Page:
In the early days of the Californian immigration, on the extremest point of the sandy peninsula, where the bay of San Francisco debouches into the Pacific, there stood a semaphore telegraph. Tossing its black arms against the sky, -with its back to the Golden Gate and the vast expanse of sea whose nearest shore was Japan, – it signified to another semaphore further inland the “rigs” of incoming vessels, by certain uncouth signs, which were again passed on to Telegraph Hill, San Francisco, where they reappeared on a third semaphore, and read to the initiated “schooner,” “brig,” “ship,” or “steamer.” But all homesick San Francisco had learned the last sign and on certain days of the month every eye was turned to welcome those gaunt arms widely extended at right angles, which meant “sidewheel steamer” (the only steamer which carried the mails) and “letters from home.” In the joyful reception accorded to that herald of glad tidings, very few thought of the lonely watcher on the sand dunes who dispatched them, or even knew of that desolate station.
From The Man at the Semaphore, by Bret Harte
The First Telegraph Line on the Pacific
Yesterday, a grand fete was given by Messers Sweeney and Baugh, proprietors of the Merchants Exchange, commemorative of the opening of their telegraph line between their office and the outer station at Point Lobos on the coast.
About 250 guests repaired to the spot and sat down to a sumptuous repast spread upon tables in the open air, within hearing of the breakers, upon the coast. The weather was delightful and everything contributed to render the day a pleasant one.
Thos. H. Selby, Esq. was called to the chair and Messers Haven and Hale appointed vice presidents. On the right of the President were seated the English and French consuls, and on the right of the Vice Presidents the Danish consul.
Twelve regular and a number of volunteer toasts were drunk, which were responded to by several of the guests. Among the speakers were the French, English and Danish consuls, Col. Henry, J.P. Haven and Mr. Dow. Their remarks were peculiarly felicitous. Mr J.B. Henning, the builder and operator of the Telegraph also responded to one of the toasts in a very happy manner.
After the announcement of each sentiment, a fine band of music played an appropriate air. During the festivities a constant communication was kept up with the city by means of the telegraph, and some 50 or 100 messages were received.
The day will be long remembered as commemorative of one of the most remarkable events which has ever taken place on the Pacific Coast.
From the San Francisco Herald, September 30th, 1853
The History of the Marine Exchange
In 1848 San Francisco was a small town of approximately 2,000 people perched at the western edge of the sparsely populated continent of North America. Weeks and months passed between the arrival of ships that carried supplies and news from the outside world.
Gold was discovered at Sutter’s Mill, California, in 1849 and “the world rushed in.” By the end of 1849 the population of San Francisco was 6,000 and growing. Ships called at San Francisco with increasing frequency and their arrival was eagerly anticipated. Men would wait on the western beaches and watch for approaching sails, then they would race across the barren dunes and hills to carry the news to town.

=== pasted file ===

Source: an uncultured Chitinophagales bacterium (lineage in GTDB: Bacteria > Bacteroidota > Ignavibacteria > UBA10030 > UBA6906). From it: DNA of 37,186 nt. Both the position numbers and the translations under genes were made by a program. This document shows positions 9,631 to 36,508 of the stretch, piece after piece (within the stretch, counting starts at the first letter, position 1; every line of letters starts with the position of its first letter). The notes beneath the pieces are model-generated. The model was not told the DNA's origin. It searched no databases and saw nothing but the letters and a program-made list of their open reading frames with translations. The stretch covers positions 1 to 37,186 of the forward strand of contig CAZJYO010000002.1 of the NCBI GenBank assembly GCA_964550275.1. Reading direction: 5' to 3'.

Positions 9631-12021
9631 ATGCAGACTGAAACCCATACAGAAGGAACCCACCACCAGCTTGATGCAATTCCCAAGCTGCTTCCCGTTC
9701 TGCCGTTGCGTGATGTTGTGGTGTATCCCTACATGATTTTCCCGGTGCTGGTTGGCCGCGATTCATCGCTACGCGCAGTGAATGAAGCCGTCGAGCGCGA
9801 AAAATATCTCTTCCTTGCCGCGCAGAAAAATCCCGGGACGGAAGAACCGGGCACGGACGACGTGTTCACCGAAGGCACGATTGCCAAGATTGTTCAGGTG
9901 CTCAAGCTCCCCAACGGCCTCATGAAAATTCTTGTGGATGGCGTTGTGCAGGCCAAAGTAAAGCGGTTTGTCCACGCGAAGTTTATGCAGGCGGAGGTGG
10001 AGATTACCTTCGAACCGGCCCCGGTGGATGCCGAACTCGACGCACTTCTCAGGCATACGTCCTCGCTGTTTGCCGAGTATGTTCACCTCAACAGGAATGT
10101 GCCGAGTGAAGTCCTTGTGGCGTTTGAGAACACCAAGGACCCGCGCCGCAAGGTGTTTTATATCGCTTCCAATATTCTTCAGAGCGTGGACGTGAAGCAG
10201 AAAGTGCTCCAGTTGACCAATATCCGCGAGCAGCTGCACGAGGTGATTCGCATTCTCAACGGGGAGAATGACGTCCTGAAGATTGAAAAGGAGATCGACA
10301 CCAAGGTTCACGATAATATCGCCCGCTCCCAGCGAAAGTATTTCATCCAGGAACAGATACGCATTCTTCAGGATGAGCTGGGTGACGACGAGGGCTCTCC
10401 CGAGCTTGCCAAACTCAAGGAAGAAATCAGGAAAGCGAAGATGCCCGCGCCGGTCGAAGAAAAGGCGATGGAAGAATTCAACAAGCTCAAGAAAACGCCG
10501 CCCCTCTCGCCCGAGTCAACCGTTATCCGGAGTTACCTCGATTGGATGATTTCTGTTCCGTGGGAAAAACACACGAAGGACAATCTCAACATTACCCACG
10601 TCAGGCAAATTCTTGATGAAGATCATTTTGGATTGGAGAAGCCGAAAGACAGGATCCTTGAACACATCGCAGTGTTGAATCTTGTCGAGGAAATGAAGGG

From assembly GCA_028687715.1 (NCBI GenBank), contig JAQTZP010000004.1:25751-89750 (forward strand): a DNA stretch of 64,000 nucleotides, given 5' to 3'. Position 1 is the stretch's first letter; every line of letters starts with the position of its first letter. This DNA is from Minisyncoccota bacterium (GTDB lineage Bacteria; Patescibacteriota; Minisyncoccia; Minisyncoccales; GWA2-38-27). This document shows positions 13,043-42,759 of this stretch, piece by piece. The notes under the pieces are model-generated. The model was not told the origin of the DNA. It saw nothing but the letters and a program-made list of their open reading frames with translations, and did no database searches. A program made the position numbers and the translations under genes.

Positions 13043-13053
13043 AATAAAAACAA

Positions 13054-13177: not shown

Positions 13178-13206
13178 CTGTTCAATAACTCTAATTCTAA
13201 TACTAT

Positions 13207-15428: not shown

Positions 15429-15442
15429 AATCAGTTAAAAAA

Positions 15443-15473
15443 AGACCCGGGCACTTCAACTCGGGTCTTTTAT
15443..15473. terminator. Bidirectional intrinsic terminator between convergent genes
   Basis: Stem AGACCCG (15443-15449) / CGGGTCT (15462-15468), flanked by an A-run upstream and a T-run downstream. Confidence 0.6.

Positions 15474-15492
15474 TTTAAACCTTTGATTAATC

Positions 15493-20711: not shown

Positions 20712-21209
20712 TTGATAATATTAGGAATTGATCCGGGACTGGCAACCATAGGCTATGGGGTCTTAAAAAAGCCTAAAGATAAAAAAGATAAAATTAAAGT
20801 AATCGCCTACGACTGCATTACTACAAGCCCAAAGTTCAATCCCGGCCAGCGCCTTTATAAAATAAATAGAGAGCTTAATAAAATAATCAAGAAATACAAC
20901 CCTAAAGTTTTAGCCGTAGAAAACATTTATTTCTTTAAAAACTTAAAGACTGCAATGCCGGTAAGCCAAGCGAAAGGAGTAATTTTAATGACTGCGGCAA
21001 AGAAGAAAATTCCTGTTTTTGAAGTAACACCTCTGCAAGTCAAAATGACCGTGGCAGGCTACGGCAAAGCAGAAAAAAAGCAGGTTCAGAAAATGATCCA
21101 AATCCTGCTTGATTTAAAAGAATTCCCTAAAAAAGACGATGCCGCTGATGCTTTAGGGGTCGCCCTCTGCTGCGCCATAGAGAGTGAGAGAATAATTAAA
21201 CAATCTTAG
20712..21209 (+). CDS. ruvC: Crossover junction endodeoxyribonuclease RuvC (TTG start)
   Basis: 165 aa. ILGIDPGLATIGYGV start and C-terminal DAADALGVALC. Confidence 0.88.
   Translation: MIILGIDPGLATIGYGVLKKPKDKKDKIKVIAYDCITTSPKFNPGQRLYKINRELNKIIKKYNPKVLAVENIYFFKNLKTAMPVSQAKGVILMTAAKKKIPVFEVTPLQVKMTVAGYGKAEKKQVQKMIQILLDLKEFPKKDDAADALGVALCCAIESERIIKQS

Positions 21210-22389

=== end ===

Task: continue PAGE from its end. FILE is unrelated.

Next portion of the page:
In short order the effort to gather and spread the news of a ship’s arrival became more systematic. The February 1, 1849, edition of the Alta California reported the plan of Lt. John Duer, of the U. S. Navy’s Pacific Coast Squadron, to build a semaphore station atop what was then called Loma Alta. On September 10, 1849, a public meeting was held to organize a “Merchants Exchange” to provide a clearing house for information about shipping and other commercial news. The Annals of San Francisco report that: “The undertaking, however, after going on for some time, seems to have been dropped; and in November we find Mr. E. E. Dunbar opening a subscription Merchants’ Exchange and Reading Room.”
It was November 15, 1849, that Edward E. Dunbar opened his Merchants’ Exchange and Reading Room at Washington and Montgomery Streets. The charge to read European and East Coast newspapers was five dollars per month, two dollars per week, or seventy-five cents per day. Upstairs from the Exchange, Lt. Duer was putting the finishing touches on his plans for the semaphore station that would give Telegraph Hill its name.
On December 23,1849, Dunbar’s exchange was destroyed by fire, but it reopened soon thereafter on Montgomery Street. Dunbar was busy in many other civic organizations besides the Merchants’ Exchange. Perhaps that is why L. W. Sloat, the son of Commodore lohn Sloat, became proprietor of Dunbar’s exchange. On May 4,1851, Dunbar’s Merchants’ Exchange was destroyed by fire and we find no more references to its survival. In early 1850 Ned Boehme and William Mercier began construction of Lt. Duerfs wooden semaphore on Loma Alta. They stayed on to become the first lookouts at the station. The station opened for business on April 19, 1850. The Alta California published this notice to pilots: “Pilots will confer a favor upon the proprietor of the Marine Telegraph by requesting masters of vessels bound in to hoist their colors at the masthead instead of the peak.” The first signal sent that day was “vessel in distress inside” when the English bark Daniel Grant struck Blossom Rock. Within a year semaphore stations were erected at Point Lobos and the Presidio House – and Loma Alta was known as Telegraph Hill.